Saturday, May 5, 2007

Shooting Butterflies


Haystack Butterflies series 3-3
Originally uploaded by Dalantech.
As beautiful as they are fragile, butterflies are one of my favorite subjects to shoot –and one of the most difficult to get close to in the wild. I’m often asked how I get so close to them and here is what I’ve learned.

Shoot them when they are distracted.

Like all insects, butterflies are more likely to stay put if they are occupied. Go looking for them early in the morning when they are trying to dry out from the previous night’s dew and feeding. In the heat of the day they are very active and less likely to let you get close. Although I’ve never encountered a mating pair, if they are anything like dragonflies then you should be able to get close if you find a couple coupled ;)

Don’t act like a snake.

Predators, like snakes and lizards, move slowly when they are trying to get close to a victim and then speed up for the kill. If you get excited and speed up as you are getting close to a butterfly then you are simply mimicking the motion of a predator. Keep you movements even and slow…

Picture the image in your mind.

Know what image you want before you get into position and compose for it as you are getting close. Often a butterfly will only give me one or two frames before taking off so I have to picture the image in my head and position myself to get it –I won’t get the chance to recompose. If you have access to a butterfly sanctuary then go there and practice composition. If I had access to one I think my initial success rate would have been higher since I’d have a better understand of how to compose my shots.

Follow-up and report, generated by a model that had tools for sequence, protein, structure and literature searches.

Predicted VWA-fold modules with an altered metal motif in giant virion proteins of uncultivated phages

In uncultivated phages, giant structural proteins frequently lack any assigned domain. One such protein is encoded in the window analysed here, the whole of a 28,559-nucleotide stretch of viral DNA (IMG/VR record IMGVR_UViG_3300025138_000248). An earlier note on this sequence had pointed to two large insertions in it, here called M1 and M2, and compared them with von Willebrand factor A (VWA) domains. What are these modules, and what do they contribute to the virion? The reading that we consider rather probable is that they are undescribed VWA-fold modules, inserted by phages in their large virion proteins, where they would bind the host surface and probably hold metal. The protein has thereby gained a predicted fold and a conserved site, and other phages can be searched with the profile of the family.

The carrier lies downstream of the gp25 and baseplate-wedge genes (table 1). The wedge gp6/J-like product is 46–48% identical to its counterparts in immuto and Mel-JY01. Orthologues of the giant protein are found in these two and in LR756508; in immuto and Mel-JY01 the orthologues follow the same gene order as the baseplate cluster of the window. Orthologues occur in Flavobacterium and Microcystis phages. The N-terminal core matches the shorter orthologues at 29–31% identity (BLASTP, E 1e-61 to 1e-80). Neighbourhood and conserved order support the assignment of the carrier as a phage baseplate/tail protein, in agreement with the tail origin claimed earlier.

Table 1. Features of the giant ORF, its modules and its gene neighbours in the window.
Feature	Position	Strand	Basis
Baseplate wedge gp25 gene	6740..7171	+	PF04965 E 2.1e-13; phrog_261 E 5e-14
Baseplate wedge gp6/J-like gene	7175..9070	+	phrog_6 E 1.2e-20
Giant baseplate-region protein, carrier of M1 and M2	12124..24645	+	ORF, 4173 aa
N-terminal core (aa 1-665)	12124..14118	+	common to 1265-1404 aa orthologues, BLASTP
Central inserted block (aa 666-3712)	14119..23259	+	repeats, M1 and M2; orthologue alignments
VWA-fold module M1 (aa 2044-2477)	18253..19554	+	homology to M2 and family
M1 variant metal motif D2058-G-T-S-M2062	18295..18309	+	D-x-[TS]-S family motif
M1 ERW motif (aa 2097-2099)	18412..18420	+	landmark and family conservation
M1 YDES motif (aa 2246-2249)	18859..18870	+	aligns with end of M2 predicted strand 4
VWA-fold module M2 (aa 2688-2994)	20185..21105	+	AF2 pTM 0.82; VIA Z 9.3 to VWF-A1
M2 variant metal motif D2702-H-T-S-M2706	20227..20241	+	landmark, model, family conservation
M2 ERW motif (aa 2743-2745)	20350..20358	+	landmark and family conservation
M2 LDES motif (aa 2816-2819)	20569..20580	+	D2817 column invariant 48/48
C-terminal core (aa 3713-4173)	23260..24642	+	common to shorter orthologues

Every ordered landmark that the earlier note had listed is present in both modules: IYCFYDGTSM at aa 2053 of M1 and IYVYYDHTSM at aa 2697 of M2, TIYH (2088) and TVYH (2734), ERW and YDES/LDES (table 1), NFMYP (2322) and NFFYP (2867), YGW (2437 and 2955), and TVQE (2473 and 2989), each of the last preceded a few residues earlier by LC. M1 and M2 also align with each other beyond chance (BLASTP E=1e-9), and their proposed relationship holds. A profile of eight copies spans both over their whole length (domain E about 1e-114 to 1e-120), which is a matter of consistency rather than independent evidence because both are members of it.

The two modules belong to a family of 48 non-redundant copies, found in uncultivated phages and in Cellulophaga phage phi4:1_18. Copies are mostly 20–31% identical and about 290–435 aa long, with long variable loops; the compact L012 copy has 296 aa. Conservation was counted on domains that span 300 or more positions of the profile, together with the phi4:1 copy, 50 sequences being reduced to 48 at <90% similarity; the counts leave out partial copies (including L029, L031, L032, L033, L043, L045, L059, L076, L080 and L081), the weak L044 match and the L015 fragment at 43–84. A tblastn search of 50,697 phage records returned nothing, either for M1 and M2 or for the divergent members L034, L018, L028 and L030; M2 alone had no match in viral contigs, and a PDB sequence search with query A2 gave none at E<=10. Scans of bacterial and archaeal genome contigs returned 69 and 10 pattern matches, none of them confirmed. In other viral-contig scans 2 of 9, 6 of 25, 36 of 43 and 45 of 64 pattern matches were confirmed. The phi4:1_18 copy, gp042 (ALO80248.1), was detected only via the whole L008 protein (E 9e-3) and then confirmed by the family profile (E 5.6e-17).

Cast no shadow.

Butterflies are on just about every back yard predator’s buffet table and are hard wired to react to changes in light. If your shadow falls over a butterfly then you can forget about shooting it. Even flash photography can be a problem since butterflies perceive any change in light as movement. Most modern flashes produce a small pre-flash burst of light that the camera uses for metering, and butterflies are so fast that they can jump as the shutter is opening. If you find that you’re taking a lot of “action shots” of blurry, jumping butterflies then turn off your flash.

Use the focus ring.

One last tip that I, as a macro shooter, take for granted. Butterflies are also sensitive to vibration so you may have to turn off the auto focus on your lens and do it “old school”. Part of my success getting within inches of wild butterflies is probably due to the fact that I’ve almost worn out the focus ring on my 100mm macro lens.

Good hunting and good luck! ;)
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